Seven years ago, Jase awoke with the mystical power to heal people—and no memory of his past. The only clue to his identity is the number forty tattooed on his arm. Driven by a mission he doesn’t understand, Jase follows his visions to those he’s meant to save. He is convinced that the fortieth person he’s drawn to—a little girl named Macy Pearl—is the key to finally learning the truth…
Social worker Lucas Jacobson has made a promise to protect Macy, orphaned when her parents were brutally murdered. So when Jase shows up in Naples claiming he’s there to heal the child, Lucas is wary, despite his attraction to the enigmatic stranger.
Then Macy is abducted, and Lucas has no choice but to trust in Jase. Scouring the city from its glitzy resorts to its seedy underbelly only deepens the mystery—and draws the two men closer. But Jase is certain of one thing: if Macy dies, a dark fate awaits them all.
I honestly didn’t know what to expect from 40 Souls to Keep. Sure, it sounded interesting and there was enough of a paranormal aspect to catch my interest. The surprise came when I became totally emotionally invested in these characters.
This was an intense book. Much more intense than I originally expected. The emotion was raw, mainly because of the pain that all of these characters experienced. It may have had something to do with the fact that there was a child involved. Not just any child, but a child who was broken, yet seemed to find a way to survive. Lucas was the perfect protector of that child. He impressed me from the first page he was introduced. He was witty, yet totally serious and dedicated to his job. I admired the way he put the children he was there to help above and beyond everything else. Besides that, I just plain liked him as a person from the start. There was just something about him that drew me in. On the flip side, I have to admit that Jase didn’t make quite as good a first impression. Not that i didn’t like Jase. He grew on me. Which, given the way the story progressed was actually perfect. When readers were first introduced to Jase he wasn’t a whole person. The more I got to know him and see how he interacted with Lucas and Macy, the more I grew to like him. Of course, his back story didn’t hurt either. *sigh*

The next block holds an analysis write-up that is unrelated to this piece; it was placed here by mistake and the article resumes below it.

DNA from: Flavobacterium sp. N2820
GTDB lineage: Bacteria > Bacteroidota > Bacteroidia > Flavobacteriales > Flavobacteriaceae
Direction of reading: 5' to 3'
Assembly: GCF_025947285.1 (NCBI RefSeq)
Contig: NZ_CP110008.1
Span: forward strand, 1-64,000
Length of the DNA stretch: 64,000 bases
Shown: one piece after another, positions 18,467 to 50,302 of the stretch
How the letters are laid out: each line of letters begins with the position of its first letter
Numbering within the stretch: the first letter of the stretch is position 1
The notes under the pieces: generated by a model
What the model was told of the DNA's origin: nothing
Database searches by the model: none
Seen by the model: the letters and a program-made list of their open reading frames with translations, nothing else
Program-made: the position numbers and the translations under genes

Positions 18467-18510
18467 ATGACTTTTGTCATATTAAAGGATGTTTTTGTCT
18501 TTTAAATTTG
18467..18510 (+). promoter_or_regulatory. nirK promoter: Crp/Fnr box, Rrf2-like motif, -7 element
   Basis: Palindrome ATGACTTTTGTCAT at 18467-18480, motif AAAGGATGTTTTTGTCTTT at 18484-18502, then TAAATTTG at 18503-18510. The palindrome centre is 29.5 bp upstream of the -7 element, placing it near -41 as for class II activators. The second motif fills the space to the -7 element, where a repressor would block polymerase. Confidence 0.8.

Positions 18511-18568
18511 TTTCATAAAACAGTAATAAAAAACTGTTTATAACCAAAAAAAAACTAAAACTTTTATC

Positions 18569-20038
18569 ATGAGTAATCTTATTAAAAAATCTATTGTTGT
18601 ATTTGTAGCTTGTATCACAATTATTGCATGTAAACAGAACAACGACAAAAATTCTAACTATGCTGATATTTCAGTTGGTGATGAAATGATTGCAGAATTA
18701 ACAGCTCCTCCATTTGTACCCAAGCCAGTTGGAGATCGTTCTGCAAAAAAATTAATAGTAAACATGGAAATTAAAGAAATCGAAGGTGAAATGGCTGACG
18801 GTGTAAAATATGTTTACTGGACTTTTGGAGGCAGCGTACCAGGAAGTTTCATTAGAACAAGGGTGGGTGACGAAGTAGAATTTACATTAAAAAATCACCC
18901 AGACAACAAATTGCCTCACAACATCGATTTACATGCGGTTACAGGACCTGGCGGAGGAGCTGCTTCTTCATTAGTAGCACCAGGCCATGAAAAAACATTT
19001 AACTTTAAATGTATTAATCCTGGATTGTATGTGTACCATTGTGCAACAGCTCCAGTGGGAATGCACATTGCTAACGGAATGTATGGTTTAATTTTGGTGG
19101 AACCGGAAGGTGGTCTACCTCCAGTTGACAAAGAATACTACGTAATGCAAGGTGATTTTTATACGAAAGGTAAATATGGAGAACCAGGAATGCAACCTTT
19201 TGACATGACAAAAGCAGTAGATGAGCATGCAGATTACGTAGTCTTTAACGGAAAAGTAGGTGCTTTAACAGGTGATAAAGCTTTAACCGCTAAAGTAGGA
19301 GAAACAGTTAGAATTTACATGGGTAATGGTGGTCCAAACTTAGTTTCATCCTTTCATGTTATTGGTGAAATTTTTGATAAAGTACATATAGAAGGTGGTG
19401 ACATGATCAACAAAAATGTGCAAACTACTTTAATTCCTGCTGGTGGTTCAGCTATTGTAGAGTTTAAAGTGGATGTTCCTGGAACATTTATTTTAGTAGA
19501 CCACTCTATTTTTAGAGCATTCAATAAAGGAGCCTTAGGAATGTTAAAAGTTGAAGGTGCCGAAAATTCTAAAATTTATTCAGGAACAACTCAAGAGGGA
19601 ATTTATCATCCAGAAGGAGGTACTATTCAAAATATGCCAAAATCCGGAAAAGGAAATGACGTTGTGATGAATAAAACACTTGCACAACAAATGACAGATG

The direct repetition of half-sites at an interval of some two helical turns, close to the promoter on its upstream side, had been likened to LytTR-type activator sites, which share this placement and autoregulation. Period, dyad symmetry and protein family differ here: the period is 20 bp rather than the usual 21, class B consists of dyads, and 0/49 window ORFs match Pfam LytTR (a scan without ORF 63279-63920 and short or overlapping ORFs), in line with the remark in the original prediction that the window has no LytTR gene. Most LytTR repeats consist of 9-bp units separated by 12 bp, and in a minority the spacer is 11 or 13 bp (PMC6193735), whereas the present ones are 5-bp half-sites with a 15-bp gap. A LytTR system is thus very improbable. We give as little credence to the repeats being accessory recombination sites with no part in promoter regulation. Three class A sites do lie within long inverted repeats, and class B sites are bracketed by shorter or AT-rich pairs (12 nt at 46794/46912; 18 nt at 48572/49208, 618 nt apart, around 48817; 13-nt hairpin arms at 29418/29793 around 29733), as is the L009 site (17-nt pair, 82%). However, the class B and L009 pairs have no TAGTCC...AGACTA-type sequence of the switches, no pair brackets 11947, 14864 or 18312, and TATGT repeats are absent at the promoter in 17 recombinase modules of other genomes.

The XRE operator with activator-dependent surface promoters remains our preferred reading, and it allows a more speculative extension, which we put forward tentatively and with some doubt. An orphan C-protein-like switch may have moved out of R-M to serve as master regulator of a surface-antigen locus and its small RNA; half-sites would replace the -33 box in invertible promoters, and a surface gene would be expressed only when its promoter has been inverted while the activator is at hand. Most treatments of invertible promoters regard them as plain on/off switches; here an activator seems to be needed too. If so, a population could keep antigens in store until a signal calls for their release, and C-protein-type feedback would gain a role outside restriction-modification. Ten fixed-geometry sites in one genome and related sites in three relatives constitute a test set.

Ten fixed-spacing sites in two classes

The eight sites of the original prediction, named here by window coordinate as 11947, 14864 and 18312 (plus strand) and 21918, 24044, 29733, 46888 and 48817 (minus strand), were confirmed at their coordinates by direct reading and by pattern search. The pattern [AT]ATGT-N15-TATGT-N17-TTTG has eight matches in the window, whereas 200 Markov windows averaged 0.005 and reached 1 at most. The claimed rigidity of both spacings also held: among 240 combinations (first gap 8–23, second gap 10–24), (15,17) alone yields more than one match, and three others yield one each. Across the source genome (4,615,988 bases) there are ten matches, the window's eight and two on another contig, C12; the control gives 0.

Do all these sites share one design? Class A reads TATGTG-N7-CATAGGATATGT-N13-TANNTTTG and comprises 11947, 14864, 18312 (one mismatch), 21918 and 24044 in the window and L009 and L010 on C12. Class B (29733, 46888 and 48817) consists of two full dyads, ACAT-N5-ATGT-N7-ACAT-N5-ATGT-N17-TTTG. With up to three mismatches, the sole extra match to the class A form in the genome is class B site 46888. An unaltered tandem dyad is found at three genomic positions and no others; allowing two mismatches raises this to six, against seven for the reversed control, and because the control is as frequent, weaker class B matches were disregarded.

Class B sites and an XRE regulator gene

Speaking of the back story. I like the way Libby Drew handled the time lapse in 40 Souls to Keep. It wasn’t forced and it didn’t bounce back and forth. It was just a part of the story – readers learned about how Jase had spent the past seven years at the same time that Lucas did. It made perfect sense and it flowed really well. It could have been awkward, but it wasn’t. It just worked.
As I mentioned before, this book was intense. That intensity covered every aspect. The action, danger, emotion, mystery and even the romance. Speaking of which, there was nothing graphic about said romance at all. The attraction between Lucas and Jase was immediate, mostly due to the circumstances but it was also real and totally heart wrenching at moments. All of which just added to that intensity. I don’t want to say a lot more because a lot of Jase’s attraction to Lucas is something that readers need to discover on their own. It’s worth it, trust me.
There were moments in 40 Souls to Keep that I wondered why characters did what they did. There were also times that I thought that Macy didn’t act or speak exactly like a child her age probably would but those moments were minor compared to the actual story. And for the record, yes there were tears. The bad part was that I knew they were coming. There came a time during the story that I knew that there was no way that things weren’t going to end badly for someone. I kept reading though because I just had to know exactly how Libby Drew would fix it. All the while I was silently praying that she would. Just a warning – the climax and the final chapters just about did me in…. and that’s all I’m going to say. 😉